import { performance } from "node:perf_hooks"; const url = ""; const mark1 = performance.mark("mark_fetch_start"); await fetch(url); const mark2 = performance.mark("mark_fetch_end"); console.log( performance.measure("measureProgram", "mark_fetch_start", "mark_fetch_end") );

This will output something similar to the following:

PerformanceMeasure { name: 'measureFetch', entryType: 'measure', startTime: 22.075212001800537, duration: 903.0410770177841 }

In this scenario, startTime corresponds to the start time of the first mark (mark_fetch_start), and duration is the difference in time between the two marks.

This effectively measures the time that the HTTP request takes, offering a precise and practical way to assess specific durations within your application's performance timeline.

6. Performance.clearMarks()

The performance.clearMarks() function removes PerformanceMark objects from the Performance Timeline. This feature provides flexibility, allowing you to either clear all existing marks or remove specific ones identified by a name.

This is particularly useful for managing and resetting performance data, especially in long-running applications or during repeated testing phases.

The function can be employed as follows:

// Remove all `PerformanceMark` objects performance.clearMarks(); // Remove only `PerformanceMark` objects named `mark_fetch_start` performance.clearMarks("mark_fetch_start");

7. Performance.clearMeasures()

This function does the same thing as clearMarks() but removes PerformanceMeasure objects instead.

8. PerformanceResourceTiming

The PerformanceResourceTiming API is a specialized tool for capturing detailed network timing data, allowing you to track the duration of network requests in your code.

While we've used methods like, performance.mark(), and performance.measure() to track the duration of an HTTP request, they are more general-purpose tools.

In practice, the fetch API automatically gathers performance timings for each request, which are then recorded in the Performance Timeline as PerformanceResourceTiming objects.

import { performance } from "node:perf_hooks"; const url = ""; const response = await fetch(url); await response.json(); console.log(performance.getEntries());

Executing this script will result in an output resembling:

[ PerformanceResourceTiming { name: '', entryType: 'resource', startTime: 33.411154985427856, duration: 1665.9909150600433, initiatorType: 'fetch', nextHopProtocol: undefined, workerStart: 0, redirectStart: 0, redirectEnd: 0, fetchStart: 33.411154985427856, domainLookupStart: undefined, domainLookupEnd: undefined, connectStart: undefined, connectEnd: undefined, secureConnectionStart: undefined, requestStart: 0, responseStart: 0, responseEnd: 1699.4020700454712, transferSize: 300, encodedBodySize: 0, decodedBodySize: 0 } ]

This PerformanceResourceTiming object encapsulates several measurements for the HTTP request. Key attributes include:

  • startTime, fetchStart: The high resolution timestamp marking the commencement of the resource fetch.
  • responseEnd: The high resolution timestamp right after Node.js receives the last byte of the resource (or just before the transport connection closes, whichever occurs first).
  • duration: The difference between responseEnd and startTime.
  • transferSize: The total size of the fetched resource, including both response headers and body, measured in octets (commonly the same as bytes).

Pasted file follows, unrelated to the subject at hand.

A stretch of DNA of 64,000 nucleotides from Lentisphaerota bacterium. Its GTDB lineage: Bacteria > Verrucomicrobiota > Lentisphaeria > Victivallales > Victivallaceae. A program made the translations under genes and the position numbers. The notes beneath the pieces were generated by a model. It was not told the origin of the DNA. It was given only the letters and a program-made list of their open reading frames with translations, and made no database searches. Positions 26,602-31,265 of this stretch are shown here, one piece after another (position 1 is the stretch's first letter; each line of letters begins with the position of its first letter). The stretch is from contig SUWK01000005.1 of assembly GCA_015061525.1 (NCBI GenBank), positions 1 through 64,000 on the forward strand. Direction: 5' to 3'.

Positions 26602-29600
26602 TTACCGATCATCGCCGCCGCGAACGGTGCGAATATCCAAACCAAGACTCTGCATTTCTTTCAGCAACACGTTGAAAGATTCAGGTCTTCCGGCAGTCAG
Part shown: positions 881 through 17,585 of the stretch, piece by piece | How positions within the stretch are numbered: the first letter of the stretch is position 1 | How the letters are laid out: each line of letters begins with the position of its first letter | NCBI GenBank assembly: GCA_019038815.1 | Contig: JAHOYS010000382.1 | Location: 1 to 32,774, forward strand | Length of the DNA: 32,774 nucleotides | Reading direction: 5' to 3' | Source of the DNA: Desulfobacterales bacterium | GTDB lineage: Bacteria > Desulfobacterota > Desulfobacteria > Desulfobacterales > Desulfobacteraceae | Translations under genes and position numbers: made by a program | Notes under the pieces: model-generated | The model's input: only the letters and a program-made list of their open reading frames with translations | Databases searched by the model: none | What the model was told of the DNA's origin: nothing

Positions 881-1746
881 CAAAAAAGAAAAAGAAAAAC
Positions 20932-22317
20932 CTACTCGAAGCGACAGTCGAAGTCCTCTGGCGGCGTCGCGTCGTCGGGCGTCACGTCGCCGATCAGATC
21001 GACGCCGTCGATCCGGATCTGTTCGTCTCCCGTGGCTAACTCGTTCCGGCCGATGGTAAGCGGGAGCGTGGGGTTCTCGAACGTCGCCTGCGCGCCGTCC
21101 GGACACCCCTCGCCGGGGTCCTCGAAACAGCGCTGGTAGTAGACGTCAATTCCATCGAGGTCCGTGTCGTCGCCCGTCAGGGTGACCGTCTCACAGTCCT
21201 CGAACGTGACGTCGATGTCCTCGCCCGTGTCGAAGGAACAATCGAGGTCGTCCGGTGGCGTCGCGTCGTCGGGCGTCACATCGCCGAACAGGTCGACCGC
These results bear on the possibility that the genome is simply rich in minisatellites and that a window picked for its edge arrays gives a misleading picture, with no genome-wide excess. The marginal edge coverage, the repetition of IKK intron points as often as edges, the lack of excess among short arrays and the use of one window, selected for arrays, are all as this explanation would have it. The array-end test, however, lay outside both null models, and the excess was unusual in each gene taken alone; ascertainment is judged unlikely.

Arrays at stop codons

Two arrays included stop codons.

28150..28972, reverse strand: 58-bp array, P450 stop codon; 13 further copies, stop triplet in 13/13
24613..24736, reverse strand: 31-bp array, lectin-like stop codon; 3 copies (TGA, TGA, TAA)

It's important to note that this data gets recorded in the timeline only when the response is actually used. Omitting the await response.json() line, for instance, would result in an empty array.

Finally, let's take a quick look at how to manage resource buffer sizes.

Managing Resource Buffer Sizes in Node

The Performance Timeline has a default capacity limit for PerformanceResourceTiming objects, set at 250. To adjust this limit, you can utilize the setResourceTimingBufferSize() method:


This command increases the buffer size, allowing up to 500 PerformanceResourceTiming objects to be stored simultaneously in the Performance Timeline.

If you need to clear all the existing PerformanceResourceTiming objects from the timeline, the clearResourceTimings() method comes in handy:


You can also listen for the resourcetimingbufferfull event to take actions when the performance resource timing buffer is full. For example, you could increase the buffer capacity or clear the buffer so that new entries can be added:

performance.addEventListener("resourcetimingbufferfull", (event) => { if (performance.getEntriesByType("resource").length < 1000) { performance.setResourceTimingBufferSize(1000); } else { performance.clearResourceTimings(); } });

And that's it for now!

Up Next: Practical Uses of Node.js Performance APIs

In this blog post, we focused on examining the most important Node.js Performance APIs and their various uses.

In the next and final part of this series, we'll dive into practical implementations of these APIs. I'll demonstrate their real-world value to optimize and resolve performance issues in your Node.js applications.

Stay tuned, and happy coding!

P.S. If you liked this post, subscribe to our JavaScript Sorcery list for a monthly deep dive into more magical JavaScript tips and tricks.

P.P.S. If you need an APM for your Node.js app, go and check out the AppSignal APM for Node.js.

Damilola Olatunji

Damilola Olatunji

Damilola is a freelance technical writer and software developer based in Lagos, Nigeria. He specializes in JavaScript and Node.js, and aims to deliver concise and practical articles for developers. When not writing or coding, he enjoys reading, playing games, and traveling.